New DOT chief to examine selling off Indiana Toll Road

| 1/4/2005

Indiana’s Gov.-elect Mitch Daniels has tapped a retired businessman to lead a Department of Transportation reorganization expected to include examining the possibility of selling the Indiana Toll Road.

Calling the department “one of the worst-run agencies in state government,” Daniels said he believes retired Alcoa executive Thomas Sharp, 57, is the right man to turn around the agency.

Sharp, of Indianapolis, is a Navy-trained civil engineer with 25 years of experience in project planning, implementation and plant management. He spent much of his career overseeing several multimillion-dollar projects.

Daniels and Sharp identified the extension of Interstate 69 between Indianapolis and Evansville as a high priority and said money must be found for that and other essential projects.

Sharp said establishing more toll roads might be one way to raise money.

“We’ve been successful on the Indiana Toll Road, of course, and we need to be creative and translate our experience in that area to see if it has a reasonable play to close this funding gap in order to provide more highways,” Sharp told local media.

Nothing is off the table, Daniels added, including the possibility of selling the toll way – also known as I-80/90.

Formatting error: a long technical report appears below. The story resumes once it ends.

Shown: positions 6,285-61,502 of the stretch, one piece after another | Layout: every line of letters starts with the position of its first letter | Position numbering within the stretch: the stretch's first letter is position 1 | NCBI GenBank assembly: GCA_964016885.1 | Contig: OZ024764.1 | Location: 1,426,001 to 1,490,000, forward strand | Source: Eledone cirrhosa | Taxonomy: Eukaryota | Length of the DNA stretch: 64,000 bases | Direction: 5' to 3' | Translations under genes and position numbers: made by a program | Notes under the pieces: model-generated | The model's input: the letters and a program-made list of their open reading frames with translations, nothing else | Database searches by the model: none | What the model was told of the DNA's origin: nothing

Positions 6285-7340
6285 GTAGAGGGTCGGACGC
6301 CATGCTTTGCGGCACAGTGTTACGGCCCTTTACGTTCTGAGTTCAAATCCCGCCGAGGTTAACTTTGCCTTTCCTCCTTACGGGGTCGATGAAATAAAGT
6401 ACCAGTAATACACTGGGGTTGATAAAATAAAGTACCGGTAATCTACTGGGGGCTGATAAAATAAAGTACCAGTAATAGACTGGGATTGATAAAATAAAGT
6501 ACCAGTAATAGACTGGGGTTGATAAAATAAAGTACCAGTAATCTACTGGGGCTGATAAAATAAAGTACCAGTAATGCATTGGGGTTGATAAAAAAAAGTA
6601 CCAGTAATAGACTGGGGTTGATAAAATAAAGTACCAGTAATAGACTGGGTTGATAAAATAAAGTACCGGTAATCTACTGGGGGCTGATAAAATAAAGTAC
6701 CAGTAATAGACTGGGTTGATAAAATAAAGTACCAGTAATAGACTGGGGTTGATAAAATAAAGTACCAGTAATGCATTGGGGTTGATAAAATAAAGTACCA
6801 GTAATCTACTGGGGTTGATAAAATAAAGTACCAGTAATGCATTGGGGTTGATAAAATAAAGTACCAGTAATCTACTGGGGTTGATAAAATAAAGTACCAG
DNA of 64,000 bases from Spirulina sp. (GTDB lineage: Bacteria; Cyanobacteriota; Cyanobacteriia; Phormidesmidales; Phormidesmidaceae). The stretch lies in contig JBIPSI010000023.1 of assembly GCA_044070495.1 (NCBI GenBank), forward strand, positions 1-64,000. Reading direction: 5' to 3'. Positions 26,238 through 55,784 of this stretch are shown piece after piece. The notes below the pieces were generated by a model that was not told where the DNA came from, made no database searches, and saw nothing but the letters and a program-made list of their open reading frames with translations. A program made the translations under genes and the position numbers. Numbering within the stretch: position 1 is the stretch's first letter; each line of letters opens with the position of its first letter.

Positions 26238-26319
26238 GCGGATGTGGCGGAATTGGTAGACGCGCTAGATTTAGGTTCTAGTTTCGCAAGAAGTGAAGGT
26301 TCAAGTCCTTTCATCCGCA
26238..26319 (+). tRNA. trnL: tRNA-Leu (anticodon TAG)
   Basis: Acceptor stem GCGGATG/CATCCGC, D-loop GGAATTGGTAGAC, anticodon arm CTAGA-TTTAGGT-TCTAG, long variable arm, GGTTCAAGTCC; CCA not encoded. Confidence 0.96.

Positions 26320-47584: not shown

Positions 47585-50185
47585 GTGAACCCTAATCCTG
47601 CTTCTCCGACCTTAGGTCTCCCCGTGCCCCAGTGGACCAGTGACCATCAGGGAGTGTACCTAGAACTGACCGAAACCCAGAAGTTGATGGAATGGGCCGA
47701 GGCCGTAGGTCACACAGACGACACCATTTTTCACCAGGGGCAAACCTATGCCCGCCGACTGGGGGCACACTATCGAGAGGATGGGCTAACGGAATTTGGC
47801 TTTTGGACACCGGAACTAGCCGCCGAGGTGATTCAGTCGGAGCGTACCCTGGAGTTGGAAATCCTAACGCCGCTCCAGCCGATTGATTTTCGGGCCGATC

The Indiana Toll Road runs 157 miles from Illinois to Ohio across northern Indiana and handles more than 52 million vehicles a year. Total revenue for the road is about $85 million a year, with about half of that from truckers.

According to the South Bend Tribune, selling the toll road could net the state as much as $5 billion.

Proceeds from a sale of the road, Daniels said, could fund new projects.

Daniels’ plan to sell the toll route comes only months after Chicago Mayor Richard Daley signed a 99-year lease giving control of the Chicago Skyway to an Australian and Spanish consortium.

The foreign group, Cintra-Macquarie, paid $1.8 billion in cash on hand at delivery to operate and maintain the skyway in exchange for the tolls collected along the 7.9-mile route. The skyway runs between the Indiana state line to the Dan Ryan Expressway on Chicago’s south side.

Chicago officials plan to use the proceeds for such projects as new road construction.

“This is happening all over the country and the world,” said Daniels. “It is just something that we have been slow to imitate here in Indiana.”

Sharp will take over the highway department after Daniels is sworn into office on Jan. 10.